The 'Galapagos Islands' of Religion ; Ethiopia: Where Christians and Jews Evolved Unique Relationships
Marjorie Coeyman, writer of The Christian Science Monitor, The Christian Science Monitor
It's early Sunday morning, and there's still a chill in the air as Addis Ababa slowly awakens. But behind the seemingly quiet walls of one of the city's sleepy streets stirs a scene of unexpected activity.
There, in a compound comprised of makeshift buildings and a few dusty stretches of yard, several hundred people are gathered. The adults - half-obscured in a sea of white shawls - are bent forward to the wail of morning prayer. The children are joined in a circle, singing a simple song in Hebrew.
These are the members of Beta-Israel (house of Israel), also known as the Ethiopian Jews, or Falashas (foreigners). They've gathered here, at this compound, financed largely by Jews abroad, to worship together, to study Hebrew, and most importantly, to work toward immigration to Israel.
Many of these people say Ethiopia is no home to them, that they have been rejected by their neighbors because of their religious practices, and they long to make their way to a country where they will find acceptance.
Yet, it is a strange irony of history that any Jew should feel an outsider in Ethiopia. Of all the countries in the world, there is perhaps no other where Judaism and Christianity have come as close as they have in this sub-Saharan nation.
"In terms of life and customs and culture, Ethiopian Christians are the only ones in the world with this close affinity to Jewish culture and law," says Ephraim Isaac, professor of religion and African studies and director of the Institute of Semitic Studies at Princeton University, N.J.
Mingling of two cultures
The mingling of the two cultures is almost as ancient as the roots of civilization itself. Ethiopian legend proudly insists on a foundational link to ancient Israel, pointing to the Biblical account of the journey of the Queen of Sheba to meet King Solomon in Jerusalem. The Ethiopians claim the queen as one of their own, and say the two monarchs conceived a son, King Menelik I, who became the head of a dynasty which ruled Ethiopia for almost 3,000 years.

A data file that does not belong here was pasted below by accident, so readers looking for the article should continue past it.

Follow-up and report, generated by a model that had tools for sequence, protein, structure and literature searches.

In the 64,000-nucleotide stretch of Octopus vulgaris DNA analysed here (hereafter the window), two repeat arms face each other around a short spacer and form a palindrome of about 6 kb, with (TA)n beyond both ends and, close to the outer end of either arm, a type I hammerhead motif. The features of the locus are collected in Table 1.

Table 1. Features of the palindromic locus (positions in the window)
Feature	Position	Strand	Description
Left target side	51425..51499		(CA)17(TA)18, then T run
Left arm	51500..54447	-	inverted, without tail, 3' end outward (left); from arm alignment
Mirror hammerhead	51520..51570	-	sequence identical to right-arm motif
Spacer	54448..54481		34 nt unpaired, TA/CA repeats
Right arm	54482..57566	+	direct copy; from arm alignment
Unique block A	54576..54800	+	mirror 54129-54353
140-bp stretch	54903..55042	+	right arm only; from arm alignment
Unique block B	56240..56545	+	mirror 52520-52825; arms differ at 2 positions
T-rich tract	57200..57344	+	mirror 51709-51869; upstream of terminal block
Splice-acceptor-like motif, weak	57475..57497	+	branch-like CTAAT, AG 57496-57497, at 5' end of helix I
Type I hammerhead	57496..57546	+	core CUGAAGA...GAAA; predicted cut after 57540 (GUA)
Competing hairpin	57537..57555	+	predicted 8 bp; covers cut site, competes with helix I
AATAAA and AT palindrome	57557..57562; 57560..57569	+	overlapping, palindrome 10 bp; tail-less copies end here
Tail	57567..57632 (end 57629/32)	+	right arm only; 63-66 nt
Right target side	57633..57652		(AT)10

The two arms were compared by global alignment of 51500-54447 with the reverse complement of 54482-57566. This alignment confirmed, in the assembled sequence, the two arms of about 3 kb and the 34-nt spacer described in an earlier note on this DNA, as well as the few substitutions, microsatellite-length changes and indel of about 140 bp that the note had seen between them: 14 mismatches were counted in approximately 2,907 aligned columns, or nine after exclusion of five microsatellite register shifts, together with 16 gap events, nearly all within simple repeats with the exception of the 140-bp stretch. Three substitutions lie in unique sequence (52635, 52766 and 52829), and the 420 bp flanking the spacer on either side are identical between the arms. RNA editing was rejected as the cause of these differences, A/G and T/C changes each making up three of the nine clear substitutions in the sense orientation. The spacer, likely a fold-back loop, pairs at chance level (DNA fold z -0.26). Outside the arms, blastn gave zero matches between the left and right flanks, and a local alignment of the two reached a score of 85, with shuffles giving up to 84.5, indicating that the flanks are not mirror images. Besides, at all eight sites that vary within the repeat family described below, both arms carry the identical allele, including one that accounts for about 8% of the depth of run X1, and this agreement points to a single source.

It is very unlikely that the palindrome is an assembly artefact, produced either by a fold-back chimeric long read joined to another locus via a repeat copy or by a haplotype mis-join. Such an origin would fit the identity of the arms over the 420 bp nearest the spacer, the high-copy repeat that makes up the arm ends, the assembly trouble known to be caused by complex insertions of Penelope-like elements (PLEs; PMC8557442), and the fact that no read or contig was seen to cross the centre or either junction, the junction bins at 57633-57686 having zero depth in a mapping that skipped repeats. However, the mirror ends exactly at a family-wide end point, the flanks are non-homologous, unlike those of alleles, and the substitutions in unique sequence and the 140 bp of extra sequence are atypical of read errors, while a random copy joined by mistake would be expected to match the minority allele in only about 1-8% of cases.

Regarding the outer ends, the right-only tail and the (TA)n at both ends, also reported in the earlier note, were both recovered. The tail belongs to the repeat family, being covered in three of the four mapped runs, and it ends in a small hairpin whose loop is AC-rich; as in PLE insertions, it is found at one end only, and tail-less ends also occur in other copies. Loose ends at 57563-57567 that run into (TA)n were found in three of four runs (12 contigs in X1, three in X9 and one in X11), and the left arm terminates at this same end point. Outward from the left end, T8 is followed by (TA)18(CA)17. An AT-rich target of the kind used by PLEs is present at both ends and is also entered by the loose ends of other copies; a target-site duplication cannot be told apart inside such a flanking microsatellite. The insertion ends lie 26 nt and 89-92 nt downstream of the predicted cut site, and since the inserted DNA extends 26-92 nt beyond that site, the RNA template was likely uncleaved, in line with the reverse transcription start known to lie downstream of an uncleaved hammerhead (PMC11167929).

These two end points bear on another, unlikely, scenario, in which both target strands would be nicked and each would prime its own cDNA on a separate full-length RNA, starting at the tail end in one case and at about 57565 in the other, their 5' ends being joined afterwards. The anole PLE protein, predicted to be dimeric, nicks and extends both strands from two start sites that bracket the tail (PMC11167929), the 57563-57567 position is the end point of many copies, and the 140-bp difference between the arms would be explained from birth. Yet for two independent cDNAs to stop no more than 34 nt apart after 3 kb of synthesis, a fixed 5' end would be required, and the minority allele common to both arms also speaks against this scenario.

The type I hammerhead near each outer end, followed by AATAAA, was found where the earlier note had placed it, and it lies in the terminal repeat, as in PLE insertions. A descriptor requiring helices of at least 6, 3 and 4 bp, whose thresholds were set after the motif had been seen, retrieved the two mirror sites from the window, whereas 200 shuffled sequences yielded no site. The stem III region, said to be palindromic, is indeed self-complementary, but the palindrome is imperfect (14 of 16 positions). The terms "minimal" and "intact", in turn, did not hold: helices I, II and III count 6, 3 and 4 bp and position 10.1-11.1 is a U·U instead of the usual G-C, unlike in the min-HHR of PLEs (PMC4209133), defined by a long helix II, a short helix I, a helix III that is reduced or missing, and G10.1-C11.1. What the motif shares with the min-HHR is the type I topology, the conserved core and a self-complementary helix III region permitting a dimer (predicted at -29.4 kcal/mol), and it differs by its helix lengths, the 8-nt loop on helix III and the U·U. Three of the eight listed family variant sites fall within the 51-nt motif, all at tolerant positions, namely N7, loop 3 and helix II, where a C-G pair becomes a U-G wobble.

Modern historians discount this version of events, and most now believe the Queen of Sheba came from Arabia. But regardless of the truth of the legend, there is no disregarding the Semitic elements that have permeated Ethiopia.
They appear most dramatically in the faces of the Ethiopian people, many of whom display a striking mix of Semitic and black African features. (The Ethiopians - famed throughout history for their beauty and grace - have such a distinctive appearance that some travelers to the continent say that Africans divide into four groups: black, white, Arab, and Ethiopian.)
Semitic influence appears also in Amharic, the official language of Ethiopia and the modern version of Ge'ez, an ancient tongue with Hebrew roots. But it is in religion that the blending of the two traditions has been most powerful. Half of all Ethiopians practice the country's unique style of Orthodox Christianity, a religion curiously melded with Judaism.
Common practices were in evidence centuries ago. Up through the Middle Ages, the Ethiopian Christian church celebrated the Sabbath on Saturdays. In a complex of royal buildings constructed in Gondar in the 17th century by the Christian King Fasiladas, is a bath designed for ritual purification, built to the exact specifications found in the book of Leviticus.
Ethiopian Christians still practice circumcision and have dietary restrictions similar to many Jews. And at the center of their worship is the Ark of the Covenant. Every Ethiopian church keeps hidden in a holy inner chamber a replica of the ark.
Many Ethiopians also believe that the original ark has been lying quietly for centuries in a church in their northern city of Axum (see story left).
At the same time, Ethiopia's Jews practice a unique brand of Judaism strongly marked by Ethiopian Orthodox Christianity. …